When editing mrl3, make sure to pad with 0x0 (null) characters so that the next item starts at the same location as before.

Skin Rendering

The Girros Greaves cover the entire lower body. What would happen if we made some of its texture map transparent? You might expect that underlying skin would be exposed. Instead, we get this:

In case you can’t see it, the armor is see-through and the inside is hollow.

It turns out that when you equip armor, the skin rendering is actually handled by the armor piece. Thus the links to skin files in the mrl3 serve to tell partially-covering armor (eg. Dober Armor) how to render the area that isn’t covered.

I ran into a roadblock here because I couldn’t figure out how to edit the mrl3 to render skin. I think that the mod3 file reads specific array elements from the mrl3 file and applies them according to code in the mod3 file. As a result, you can’t just add links to skin files in the mrl3, and you also can’t take pre-existing links and make them skin files (since the mod3 treats those links as for other purposes, or maybe even ignores them). You can, though, change the skin textures for partially-covering armor by switching the links (like what we did for Zorah), but my results were quite ugly.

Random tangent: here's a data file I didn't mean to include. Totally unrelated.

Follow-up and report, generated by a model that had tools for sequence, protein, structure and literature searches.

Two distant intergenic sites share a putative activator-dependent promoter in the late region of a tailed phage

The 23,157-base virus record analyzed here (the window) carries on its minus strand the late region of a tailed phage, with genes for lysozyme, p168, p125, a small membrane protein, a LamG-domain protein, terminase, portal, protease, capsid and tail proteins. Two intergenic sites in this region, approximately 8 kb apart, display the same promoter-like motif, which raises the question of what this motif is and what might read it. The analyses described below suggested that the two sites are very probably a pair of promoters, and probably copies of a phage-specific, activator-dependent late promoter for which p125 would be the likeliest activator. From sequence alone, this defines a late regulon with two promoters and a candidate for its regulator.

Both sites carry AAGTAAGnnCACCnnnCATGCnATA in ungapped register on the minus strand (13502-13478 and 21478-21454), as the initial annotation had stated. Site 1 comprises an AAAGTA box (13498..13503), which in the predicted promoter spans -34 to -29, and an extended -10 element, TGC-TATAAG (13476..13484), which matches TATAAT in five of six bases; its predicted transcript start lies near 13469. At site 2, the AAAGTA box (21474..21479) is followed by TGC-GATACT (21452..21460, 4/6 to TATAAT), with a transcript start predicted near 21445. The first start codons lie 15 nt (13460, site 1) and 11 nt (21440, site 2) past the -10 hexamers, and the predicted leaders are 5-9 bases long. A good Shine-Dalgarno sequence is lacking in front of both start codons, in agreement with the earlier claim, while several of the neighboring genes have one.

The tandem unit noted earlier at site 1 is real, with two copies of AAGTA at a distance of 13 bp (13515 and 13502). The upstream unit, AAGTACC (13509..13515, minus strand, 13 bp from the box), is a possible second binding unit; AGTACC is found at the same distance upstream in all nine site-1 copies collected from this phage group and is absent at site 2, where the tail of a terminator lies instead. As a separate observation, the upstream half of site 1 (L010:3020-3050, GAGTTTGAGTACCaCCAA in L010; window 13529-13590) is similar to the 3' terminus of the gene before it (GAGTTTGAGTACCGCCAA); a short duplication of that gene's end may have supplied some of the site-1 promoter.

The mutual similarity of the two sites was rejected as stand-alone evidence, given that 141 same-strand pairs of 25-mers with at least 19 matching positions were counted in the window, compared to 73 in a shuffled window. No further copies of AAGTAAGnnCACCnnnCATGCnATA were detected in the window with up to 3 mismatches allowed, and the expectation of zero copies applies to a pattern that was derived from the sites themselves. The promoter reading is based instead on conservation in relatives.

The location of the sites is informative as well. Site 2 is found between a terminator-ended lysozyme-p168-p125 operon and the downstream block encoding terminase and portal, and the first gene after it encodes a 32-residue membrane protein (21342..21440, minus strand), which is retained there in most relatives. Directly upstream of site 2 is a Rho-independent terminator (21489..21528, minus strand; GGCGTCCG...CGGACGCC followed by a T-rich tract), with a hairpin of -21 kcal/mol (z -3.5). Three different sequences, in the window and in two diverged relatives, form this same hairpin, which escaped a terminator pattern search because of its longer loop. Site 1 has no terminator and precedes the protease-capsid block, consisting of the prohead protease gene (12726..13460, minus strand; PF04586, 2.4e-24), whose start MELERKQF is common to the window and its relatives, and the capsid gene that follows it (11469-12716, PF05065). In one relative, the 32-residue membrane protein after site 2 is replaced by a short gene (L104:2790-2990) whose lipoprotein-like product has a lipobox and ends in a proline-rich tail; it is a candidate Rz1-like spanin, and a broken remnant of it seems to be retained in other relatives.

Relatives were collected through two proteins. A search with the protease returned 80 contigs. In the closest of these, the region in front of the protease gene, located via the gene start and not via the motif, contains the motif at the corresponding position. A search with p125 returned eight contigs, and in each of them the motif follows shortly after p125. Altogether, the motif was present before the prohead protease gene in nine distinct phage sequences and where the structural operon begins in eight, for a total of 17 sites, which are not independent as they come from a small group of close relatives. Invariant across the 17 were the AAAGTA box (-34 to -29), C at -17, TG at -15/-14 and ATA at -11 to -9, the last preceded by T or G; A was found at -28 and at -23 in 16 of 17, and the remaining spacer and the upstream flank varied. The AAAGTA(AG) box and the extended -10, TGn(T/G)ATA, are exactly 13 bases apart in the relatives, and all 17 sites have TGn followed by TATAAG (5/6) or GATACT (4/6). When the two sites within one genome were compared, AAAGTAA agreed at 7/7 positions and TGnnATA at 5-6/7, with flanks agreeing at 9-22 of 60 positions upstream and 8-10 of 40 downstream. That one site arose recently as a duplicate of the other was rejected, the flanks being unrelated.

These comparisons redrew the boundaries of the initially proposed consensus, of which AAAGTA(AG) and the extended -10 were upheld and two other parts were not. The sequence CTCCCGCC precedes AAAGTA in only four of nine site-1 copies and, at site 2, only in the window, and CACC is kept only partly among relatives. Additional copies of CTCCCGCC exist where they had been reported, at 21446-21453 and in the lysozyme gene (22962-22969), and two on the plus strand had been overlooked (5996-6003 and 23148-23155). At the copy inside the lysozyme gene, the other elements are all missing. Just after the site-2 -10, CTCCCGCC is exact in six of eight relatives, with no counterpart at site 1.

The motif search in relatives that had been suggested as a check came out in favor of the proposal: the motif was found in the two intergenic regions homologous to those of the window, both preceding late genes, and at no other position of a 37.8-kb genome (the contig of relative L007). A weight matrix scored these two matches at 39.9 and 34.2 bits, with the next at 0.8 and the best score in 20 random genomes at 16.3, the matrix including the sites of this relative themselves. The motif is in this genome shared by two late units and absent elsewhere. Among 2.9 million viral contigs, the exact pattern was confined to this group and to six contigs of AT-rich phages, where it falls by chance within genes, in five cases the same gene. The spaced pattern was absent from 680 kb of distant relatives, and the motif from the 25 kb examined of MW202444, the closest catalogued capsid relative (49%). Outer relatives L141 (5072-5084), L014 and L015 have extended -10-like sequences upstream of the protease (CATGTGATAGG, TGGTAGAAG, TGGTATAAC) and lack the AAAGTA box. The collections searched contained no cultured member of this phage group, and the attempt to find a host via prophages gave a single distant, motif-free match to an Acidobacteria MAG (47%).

Here’s a good problem for you budding modders: how can we make the above Girros edit work?

Conclusion

The modding community is still young and has a lot of potential. Hopefully this will help the community’s understanding of texture editing and enable us to make even better edits!

Please let me know if you have any corrections or additions to make; in the end everything I’ve discovered here has been through blackbox testing.